Tuesday, July 18, 2017

W463: 1994 Mercedes G350 TD Engine Swap Part 4 FIN

This is the final post on the truck, so prepare for a picture dump.

I don't have pics of the injection pump apart - like I said before, I need someone shadowing me with a camera when I'm doing some of the more in depth stuff. Regardless - here's a shot of the RIV tang. This is where I insert my lock tool to hold the pump as it's stabbed back into the block at roughly 15* ATDC. Fine tuning is done with my A/B light via this port. The pump was adjusted to 13*ATDC for a bit of advance. Coupled with the new injector nozzles at 135bar everything should wear into what is essentially factory spec. It's a tad louder than normal, but it'll quiet down over time... as long as fresh clean fuel is used and the truck is frequently driven.




Here's where the motor was with injection pump stabbed in, vacuum pump and other ancillaries installed. 




When I was interrupted by the 9 foot, 400lb skid containing what's essentially a G350 President rack. Nice rack.

Test assembly. Not a fan of a few pieces, some holes were slightly off kilter which I'm glad I found out about on the ground not on the truck.

Here it is on the truck.


Fast forward a couple days...

I have a habit of disassembling freshly done cylinder heads and lapping valves in myself. I've had a few cases of shit work (not with my machine shop) and I promised myself to never take a chance on someone getting ready to go home.



Because the engine that was in the G already was a factory reman - it has shaved numbers. Meaning this cylinder head was completely gone through by MB when assembling their new motor.
 Here it is pre - torque on the engine. 


and torque'd.


With the cam installed let's see where our timing markers are....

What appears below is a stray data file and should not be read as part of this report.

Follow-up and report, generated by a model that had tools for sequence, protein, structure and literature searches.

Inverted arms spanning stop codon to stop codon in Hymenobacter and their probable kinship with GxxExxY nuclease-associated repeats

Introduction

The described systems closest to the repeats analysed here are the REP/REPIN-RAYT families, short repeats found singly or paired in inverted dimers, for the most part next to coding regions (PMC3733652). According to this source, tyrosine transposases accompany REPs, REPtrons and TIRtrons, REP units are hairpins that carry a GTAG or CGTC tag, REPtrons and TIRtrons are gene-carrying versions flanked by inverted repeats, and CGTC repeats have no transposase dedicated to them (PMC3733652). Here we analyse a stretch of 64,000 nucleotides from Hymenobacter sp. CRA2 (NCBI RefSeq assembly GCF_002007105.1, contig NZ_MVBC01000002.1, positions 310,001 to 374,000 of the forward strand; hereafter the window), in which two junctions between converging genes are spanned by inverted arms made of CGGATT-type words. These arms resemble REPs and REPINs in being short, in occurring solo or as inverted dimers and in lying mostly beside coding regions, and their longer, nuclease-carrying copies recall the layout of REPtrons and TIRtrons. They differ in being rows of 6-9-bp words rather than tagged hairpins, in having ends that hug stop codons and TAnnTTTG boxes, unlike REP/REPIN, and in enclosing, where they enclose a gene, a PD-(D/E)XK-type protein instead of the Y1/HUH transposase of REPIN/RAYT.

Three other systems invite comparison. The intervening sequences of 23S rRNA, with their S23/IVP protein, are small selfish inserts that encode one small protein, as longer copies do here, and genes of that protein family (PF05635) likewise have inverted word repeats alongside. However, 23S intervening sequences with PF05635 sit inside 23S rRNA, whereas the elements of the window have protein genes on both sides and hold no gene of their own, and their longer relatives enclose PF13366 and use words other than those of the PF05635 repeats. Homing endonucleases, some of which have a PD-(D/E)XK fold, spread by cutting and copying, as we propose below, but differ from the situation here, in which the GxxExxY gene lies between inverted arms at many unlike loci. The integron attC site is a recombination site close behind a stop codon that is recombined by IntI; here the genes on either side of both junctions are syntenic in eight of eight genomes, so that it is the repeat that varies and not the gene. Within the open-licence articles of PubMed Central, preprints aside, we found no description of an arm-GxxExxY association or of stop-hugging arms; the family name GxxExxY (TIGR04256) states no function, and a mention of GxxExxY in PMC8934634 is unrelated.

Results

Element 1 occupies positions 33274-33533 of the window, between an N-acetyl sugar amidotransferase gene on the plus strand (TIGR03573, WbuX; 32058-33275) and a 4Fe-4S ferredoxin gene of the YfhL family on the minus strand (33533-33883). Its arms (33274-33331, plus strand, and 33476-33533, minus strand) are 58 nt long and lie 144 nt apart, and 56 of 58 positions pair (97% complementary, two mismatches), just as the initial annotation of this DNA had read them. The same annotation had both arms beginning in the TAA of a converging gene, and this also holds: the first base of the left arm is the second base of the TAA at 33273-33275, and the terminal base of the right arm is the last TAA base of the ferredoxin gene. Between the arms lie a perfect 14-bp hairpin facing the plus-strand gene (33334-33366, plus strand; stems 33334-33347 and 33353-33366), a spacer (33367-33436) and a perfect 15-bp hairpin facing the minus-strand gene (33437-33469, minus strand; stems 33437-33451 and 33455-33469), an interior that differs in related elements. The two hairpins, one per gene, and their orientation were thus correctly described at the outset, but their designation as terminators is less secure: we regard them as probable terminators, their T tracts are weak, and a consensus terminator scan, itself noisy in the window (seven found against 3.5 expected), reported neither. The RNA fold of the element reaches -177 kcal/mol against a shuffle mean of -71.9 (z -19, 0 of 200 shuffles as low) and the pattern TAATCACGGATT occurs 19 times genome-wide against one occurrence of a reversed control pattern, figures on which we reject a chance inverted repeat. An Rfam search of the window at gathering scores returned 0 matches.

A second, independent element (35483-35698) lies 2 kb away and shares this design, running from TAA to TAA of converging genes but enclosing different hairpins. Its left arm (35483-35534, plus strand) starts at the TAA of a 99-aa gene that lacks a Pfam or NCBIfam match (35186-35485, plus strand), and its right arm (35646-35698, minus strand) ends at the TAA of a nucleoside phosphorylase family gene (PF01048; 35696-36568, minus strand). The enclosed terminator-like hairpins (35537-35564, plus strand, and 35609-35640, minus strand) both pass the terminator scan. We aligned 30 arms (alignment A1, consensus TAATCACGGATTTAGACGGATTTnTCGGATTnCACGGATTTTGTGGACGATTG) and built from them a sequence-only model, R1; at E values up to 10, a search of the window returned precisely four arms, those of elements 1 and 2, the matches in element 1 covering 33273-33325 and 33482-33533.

Here's TDC cyl #1

Notch on the cam lining up perfectly with the notch on the #1 cam tower. It's almost like I know what I'm doing.

She's looking like a complete motor again.




Manifold on - new studs at both front and rear with new copper nuts. 

Fast forward a couple days and the motor is in. 


Injectors and lines installed, running new vacuum lines

You may ask, why does it seem like there's a multimeter sitting by my light....

This truck had absolutely the most IDIOTIC and invasive alarm (with immobilizer...hint hint)

As a PSA to anyone who may be reading this - should you want to install an alarm and/or immobilizer on your Mercedes....stop it.


Luckily I'm not the one that was left doing the removal... I got my money's worth that Saturday night.

So with that out of the way:




She fired up after about 15 minutes of cranking. Usually I'll prime the system myself so it'll only take about 2 minutes of cranking - but I needed to see oil pressure before I let the thing take off on me.

Once it was running - I went through the A/C system, got it blowing nice and cold.


Surprise! All that oil that pumped itself through Cyl #1 now ended up on my shop floor.....

There she is, outside under her own power and left out in the rain to wash off any dust it might've accumulated.



There was so much oil in the exhaust the smoke was a steady blue smokescreen. I took it for a 150 mile run up to a spot on the lake and she cleared out nicely. Made for a couple sweet pictures and brought her back to the shop where I parked her up in the other building so I don't have to look at it until it got picked up.